Submitted by the Georgia Department of Agriculture
Q: What are some Georgia native plants that will attract hummingbirds?
A: Here are some plants native to Georgia whose flowers attract hummingbirds: cowich/cow-itch vine or trumpet creeper (Campsis radicans), bee balm (Monarda didyma), coral honeysuckle (Lonicera sempervirens), cardinal flower (Lobelia cardinalis), spotted jewelweed (Impatiens capensis) Eastern columbine (Aquilegia canadensis), Texas sage (Salvia coccinea), Canada lily (Lilium canadense), Indian pink (Spigelia marilandica), red buckeye (Aesculus pavia), Georgia feverbark tree (Pinckneya pubens), tuliptree or tulip poplar (Liriodendron tulipifera), redbud (Cercis canadensis), red savory (Clinopodium coccineum), rose-mallow (Hibiscus coccineus), fire pink (Silene virginica), plumleaf azalea (Rhododendron prunifolium), pinxterbloom azalea (Rhododendron periclymenoides), flame azalea (Rhododendron calendulaceum), Florida flame azalea (Rhododendron austrinum), Piedmont azalea (Rhododendron canescens), Catawba rhododendron (Rhododendron catawbiense), coralbean (Erythrina herbacea), fall or garden phlox (Phlox paniculata), crossvine (Bignonia capreolata) and false indigo (Amorpha fruticosa).
Some of these are easier to find and fit into garden settings than others. For example, our native coral bean has a short period of bloom and doesn’t perform well in north Georgia. However, Erythrina xbidwillii, the hybrid between our native species and Erthyrina crista-galli from South America, is loaded with flowers all summer. Georgia feverbark tree is beautiful but doesn’t like clay soil and can be difficult to find for sale. Trumpet creeper can send up dozens of suckers that cause havoc in a perennial garden. It is best in a place where these can be kept under control. It is good on a fence bordering a lawn or pasture or at the edge of the woods where it can climb up a pine tree and its large tubular flowers can act like lighthouse beacons to lure hummers as they pass through our state.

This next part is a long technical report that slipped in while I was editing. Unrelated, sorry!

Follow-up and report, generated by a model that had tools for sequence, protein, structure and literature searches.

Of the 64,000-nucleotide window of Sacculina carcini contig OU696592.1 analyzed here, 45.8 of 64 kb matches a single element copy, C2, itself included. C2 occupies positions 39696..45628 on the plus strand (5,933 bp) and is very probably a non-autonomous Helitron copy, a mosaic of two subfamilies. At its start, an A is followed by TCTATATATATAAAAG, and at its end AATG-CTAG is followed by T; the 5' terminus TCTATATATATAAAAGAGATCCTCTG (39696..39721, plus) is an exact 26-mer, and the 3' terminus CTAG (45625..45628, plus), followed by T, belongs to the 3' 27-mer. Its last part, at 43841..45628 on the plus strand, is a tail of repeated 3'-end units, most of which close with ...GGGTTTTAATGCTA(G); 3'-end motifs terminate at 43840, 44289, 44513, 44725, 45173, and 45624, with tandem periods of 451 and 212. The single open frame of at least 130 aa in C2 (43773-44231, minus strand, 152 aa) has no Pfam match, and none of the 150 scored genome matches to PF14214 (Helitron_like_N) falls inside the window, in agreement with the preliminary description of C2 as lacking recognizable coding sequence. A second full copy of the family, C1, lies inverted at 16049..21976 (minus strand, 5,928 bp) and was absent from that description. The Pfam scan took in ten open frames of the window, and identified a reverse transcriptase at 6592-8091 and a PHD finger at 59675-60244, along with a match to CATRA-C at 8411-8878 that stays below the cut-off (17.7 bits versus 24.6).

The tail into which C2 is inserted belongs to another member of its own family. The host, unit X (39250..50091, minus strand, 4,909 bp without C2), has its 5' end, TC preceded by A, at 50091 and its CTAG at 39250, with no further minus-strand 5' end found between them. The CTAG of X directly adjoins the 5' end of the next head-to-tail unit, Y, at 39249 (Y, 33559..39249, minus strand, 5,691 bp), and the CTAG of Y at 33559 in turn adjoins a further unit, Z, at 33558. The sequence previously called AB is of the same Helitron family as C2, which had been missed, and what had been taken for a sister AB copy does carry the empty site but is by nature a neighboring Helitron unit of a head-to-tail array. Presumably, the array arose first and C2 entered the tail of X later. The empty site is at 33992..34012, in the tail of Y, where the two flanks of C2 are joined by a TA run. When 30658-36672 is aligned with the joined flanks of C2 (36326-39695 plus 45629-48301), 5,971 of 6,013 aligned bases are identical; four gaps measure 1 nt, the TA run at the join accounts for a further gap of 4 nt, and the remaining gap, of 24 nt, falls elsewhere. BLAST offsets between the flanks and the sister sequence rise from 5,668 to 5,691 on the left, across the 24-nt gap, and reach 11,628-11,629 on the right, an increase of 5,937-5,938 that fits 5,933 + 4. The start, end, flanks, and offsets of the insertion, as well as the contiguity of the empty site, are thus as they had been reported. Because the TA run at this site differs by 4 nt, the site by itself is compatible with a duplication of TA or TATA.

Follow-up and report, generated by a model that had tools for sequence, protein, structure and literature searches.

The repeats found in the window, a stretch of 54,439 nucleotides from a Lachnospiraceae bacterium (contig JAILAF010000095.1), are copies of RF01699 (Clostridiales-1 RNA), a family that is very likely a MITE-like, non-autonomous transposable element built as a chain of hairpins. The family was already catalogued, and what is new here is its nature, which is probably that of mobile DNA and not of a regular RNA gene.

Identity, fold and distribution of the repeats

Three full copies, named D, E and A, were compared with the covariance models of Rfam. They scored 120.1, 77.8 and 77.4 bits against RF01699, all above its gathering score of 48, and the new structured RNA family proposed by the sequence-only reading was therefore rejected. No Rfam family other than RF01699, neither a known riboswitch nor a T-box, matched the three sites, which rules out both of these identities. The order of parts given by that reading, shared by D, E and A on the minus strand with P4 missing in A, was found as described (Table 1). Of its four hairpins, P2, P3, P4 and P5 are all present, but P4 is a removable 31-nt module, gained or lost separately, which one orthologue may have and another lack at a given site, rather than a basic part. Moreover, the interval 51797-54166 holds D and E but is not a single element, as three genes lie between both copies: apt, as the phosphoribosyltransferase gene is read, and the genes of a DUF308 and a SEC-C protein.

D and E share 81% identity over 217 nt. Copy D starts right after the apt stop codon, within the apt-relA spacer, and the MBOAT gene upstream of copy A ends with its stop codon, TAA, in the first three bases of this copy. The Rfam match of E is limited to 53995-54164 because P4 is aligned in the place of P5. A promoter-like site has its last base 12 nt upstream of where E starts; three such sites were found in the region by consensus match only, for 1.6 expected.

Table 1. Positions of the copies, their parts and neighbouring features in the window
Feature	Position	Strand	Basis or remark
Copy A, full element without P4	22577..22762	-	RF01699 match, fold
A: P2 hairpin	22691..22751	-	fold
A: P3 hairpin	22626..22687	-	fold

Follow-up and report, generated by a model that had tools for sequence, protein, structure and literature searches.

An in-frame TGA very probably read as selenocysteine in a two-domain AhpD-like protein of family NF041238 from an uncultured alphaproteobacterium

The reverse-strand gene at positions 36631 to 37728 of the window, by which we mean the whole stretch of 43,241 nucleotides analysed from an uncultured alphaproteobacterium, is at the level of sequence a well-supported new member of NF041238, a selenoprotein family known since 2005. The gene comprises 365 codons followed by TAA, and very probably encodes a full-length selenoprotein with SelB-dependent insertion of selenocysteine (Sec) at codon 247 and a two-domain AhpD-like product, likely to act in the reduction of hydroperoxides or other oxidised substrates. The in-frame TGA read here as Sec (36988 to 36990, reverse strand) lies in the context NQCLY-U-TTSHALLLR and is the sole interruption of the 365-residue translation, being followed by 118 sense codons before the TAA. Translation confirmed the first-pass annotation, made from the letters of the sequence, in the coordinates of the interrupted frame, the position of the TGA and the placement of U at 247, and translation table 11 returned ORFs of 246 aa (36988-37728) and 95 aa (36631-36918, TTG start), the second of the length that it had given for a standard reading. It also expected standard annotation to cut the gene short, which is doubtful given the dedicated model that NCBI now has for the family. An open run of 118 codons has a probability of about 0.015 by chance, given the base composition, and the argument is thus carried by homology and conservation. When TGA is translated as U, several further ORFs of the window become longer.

Phlox paniculata is a native wildflower but has been cultivated so long that one of its common names is “garden phlox.” It also has many cultivars that are quite different from its wild form. Salvia coccinea is listed as native from coastal South Carolina to Florida and west to Texas and farther south but is more common here in gardens than in the wild. There are several varieties available, including a white one. Stick with the original red, as red is a hummingbird’s favorite color.
To increase your chances of attracting hummingbirds, have a wide assortment of their favorites blooming for a long period of time. Visit a Georgia nursery or garden center to discover many options to help attract these fascinating birds.
Q: Which cuts of meat are best for chicken shish kabobs?
A: Although breast meat is more popular in shish kabobs, thigh meat may be used as well. If you are looking for convenience, both skinless and boneless breasts and thighs are available in most grocery stores.
Q: Is all pollen yellow?
A: When clouds of pine pollen and other airborne pollens coat Georgia in the spring, it is easy to think all pollen is yellow. Shades of yellow and yellow green are common, but you will also find flowers with orange, brown, red, gray and even blue pollen. The deep brown pollen of the familiar tiger lily may come to mind, but have you noticed that the pollen in a corn poppy is gray or the attractive bright blue pollen of Langsdorff’s green flowering tobacco (Nicotiana langsdorffii)? Look closely at the flowers in your garden; you may find some colorful surprises.
If you have questions about services or products regulated by the Georgia Department of Agriculture, visit our website at www.agr.georgia.gov, write us at 19 MLK Jr. Drive, Room 128, Atlanta, GA 30334 or e-mail us at firstname.lastname@example.org.